Docker is an open-source program that enables a Linux application and its dependencies to be packaged as a container such as configuration files, however, unlike a virtual machine, a container doesn’t run a OS, it shares the OS of the host, which in this case will be Ubuntu 14.04.
It makes it possible to get more apps running on the same old servers by providing an additional layer of abstraction and automation of operating system level virtualization on Linux. In this article we will explain you about the installation and usage of Docker-managed release packages and its working mechanism.
In order to install Docker on Ubuntu Operating system make sure that its supported only 64-bit installation of your Ubuntu Version as its missing with some of its features on the kernels older than version 3.10.
You can check the kernel version of your installed Ubuntu kernel version with following command.
root@ubuntu-14:~# uname -r 3.13.0-55-generic
You system should be updated so ensuring the list of available packages is up to date before installing anything new you must upgrade your kernel and install the additional packages from packet manager with following command by opening your terminal.
root@ubuntu-14:~# apt-get update
If you are using any olde version of your operating system you can upgrade it with following command.
root@ubuntu-14:~# apt-get -y upgrade
Once you had fulfilled the requirements to install Docker, then we are ready to go with its installation process. The Docker’s installation was available only for Ubuntu in the past days but now its available for many other distributions like CentOS and other Red Hat distributions. Let’s install Docker by installing the
docker-io package now.
root@ubuntu-14:~# apt-get -y install docker.io
Now we will create and fix the paths by creating a soft link between
/usr/local/bin/ to docker that is in the same folder with the following two commands.
root@ubuntu-14:~# ln -sf /usr/bin/docker.io /usr/local/bin/docker root@ubuntu-14:~# sed -i '$acomplete -F _docker docker' /etc/bash_completion.d/docker.io
Docker Services Check
To confirm the status of docker’s service, execute the following command to be sure that its service is up.
root@ubuntu-14:~# service docker.io status docker.io start/running, process 14394
To start its daemon use the below command to be executed on the terminal and be sure its daemon is not previously in running state, if so then stop its daemon first.
root@ubuntu-14:~# docker -d &
Docker Service Auto start
Let’s make the Docker’s services up and running after each boot up, to do so run the following command to add its entry into boot startup script as:
root@ubuntu-14:~# update-rc.d docker.io defaults
Now in the next session we will explain you about its usage that how we get it works for us.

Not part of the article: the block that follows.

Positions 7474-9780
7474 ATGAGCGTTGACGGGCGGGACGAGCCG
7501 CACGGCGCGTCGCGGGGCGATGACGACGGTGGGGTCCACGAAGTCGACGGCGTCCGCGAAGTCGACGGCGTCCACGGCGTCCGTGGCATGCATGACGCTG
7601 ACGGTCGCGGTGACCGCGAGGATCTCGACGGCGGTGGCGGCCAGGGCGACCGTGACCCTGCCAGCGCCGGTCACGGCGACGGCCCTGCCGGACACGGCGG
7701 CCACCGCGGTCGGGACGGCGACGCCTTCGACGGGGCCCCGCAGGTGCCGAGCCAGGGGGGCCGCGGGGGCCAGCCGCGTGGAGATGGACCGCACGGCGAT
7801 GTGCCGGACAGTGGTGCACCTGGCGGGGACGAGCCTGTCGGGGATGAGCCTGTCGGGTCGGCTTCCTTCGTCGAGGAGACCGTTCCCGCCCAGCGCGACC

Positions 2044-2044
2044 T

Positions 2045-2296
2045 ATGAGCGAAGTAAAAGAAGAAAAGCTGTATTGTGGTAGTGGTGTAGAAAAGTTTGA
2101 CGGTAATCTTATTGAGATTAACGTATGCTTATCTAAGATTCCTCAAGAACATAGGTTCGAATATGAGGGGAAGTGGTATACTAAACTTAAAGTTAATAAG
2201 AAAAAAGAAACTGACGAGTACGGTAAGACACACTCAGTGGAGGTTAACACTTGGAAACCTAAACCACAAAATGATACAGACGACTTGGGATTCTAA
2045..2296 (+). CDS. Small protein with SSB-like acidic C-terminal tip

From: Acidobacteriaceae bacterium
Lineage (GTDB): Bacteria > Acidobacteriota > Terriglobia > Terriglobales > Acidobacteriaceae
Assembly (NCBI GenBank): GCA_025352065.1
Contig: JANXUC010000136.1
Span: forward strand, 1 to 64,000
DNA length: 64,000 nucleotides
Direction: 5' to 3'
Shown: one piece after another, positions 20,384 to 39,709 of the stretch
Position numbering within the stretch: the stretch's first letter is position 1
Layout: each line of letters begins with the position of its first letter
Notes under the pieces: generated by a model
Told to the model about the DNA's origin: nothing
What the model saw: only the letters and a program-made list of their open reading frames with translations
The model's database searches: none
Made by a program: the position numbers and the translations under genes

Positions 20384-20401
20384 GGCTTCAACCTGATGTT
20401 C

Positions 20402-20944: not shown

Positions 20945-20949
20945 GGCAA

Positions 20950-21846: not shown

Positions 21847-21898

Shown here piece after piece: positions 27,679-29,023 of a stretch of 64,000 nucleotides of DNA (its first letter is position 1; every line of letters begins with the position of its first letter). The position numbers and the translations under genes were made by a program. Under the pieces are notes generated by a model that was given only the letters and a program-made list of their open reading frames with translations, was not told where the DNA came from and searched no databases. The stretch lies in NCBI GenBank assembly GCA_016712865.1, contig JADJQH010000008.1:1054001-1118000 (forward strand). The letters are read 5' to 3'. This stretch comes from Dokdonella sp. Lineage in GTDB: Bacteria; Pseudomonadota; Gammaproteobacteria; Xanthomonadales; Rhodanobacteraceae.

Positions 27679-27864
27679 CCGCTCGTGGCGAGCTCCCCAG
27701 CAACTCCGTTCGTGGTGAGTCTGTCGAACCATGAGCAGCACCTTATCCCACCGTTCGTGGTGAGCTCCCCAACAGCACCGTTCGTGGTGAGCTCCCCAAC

To get the list of all the available commands, run the
docker in the terminal and you will get a list of its all available commands with its descriptions to use.
Docker Container Download
Now we will download the Docker’s image by using its docker command with
pull options to Pull an image or a repository from the Docker registry server. Here is its command to use.
root@ubuntu-14:~# docker pull ubuntu
Here is its running snapshot that will take a while during the downloading process of its whole packages.
Running a Docker Container
Now, let’s see how we can easily setup our Ubuntu container with a bash shell, we will just run the one command as below where the
docker runs a command in a new container,
stdin and stdout while
–t assigns a
root@ubuntu-14:~# docker run -i -t ubuntu /bin/bash root@696d5fd32bba:/#
So, in the output we can see the standard Ubuntu container that can be used.
So, we are now using a bash shell inside of an Ubuntu docker container. If you wish to disconnect, or detach, from the sDocker container’s shell without exiting from it we have to use the with combination of these keys
Ctrl-p + Ctrl-q , then you will be back to your previous window.
Let’s create the a group with name
docker and put your users in this user to avoid using the root user as the docker user has the same privileges like the root. So, we create the new group with following command.
root@ubuntu-14:~# usermod -aG docker ubuntu
Now exit from your current session and relogin with your docker to check if its working fine.
Run the following command to check the output, if its fine or not.
docker@ubuntu-14:/root$ docker run hello-world
So, the output shown in snapshot shows that docker user is functional and is working fine with both the root as well as docker user.
Docker Available Containers
The available containers can be found through a search command as there are many community containers already available. Let’s see how we can search for any of the available containers by using the following command where I put
centos to search for its docker container.
root@ubuntu-14:~# docker search centos
After going through this detailed article you are now able to setup and use Docker containers for any of your operating system by checking its availability. So, we hope you have had a pretty good tour through what Docker is and how it works, but still there are many challenges to setup Docker in the Organizations. Feel free to get back to us in case of any difficulty, as we feel pleasure to assist you.
Request a Free Trial along with a Free Cloud Strategy Session with our Experts.
Spend 30 minutes with our experts to discuss how to design, migrate and/or architect your cloud solution to help you meet your objectives. Following the expert session, we'll set you up with a free trial that is personally tailored to your needs.
Don't have any questions? Simply let us know and we can skip the expert session.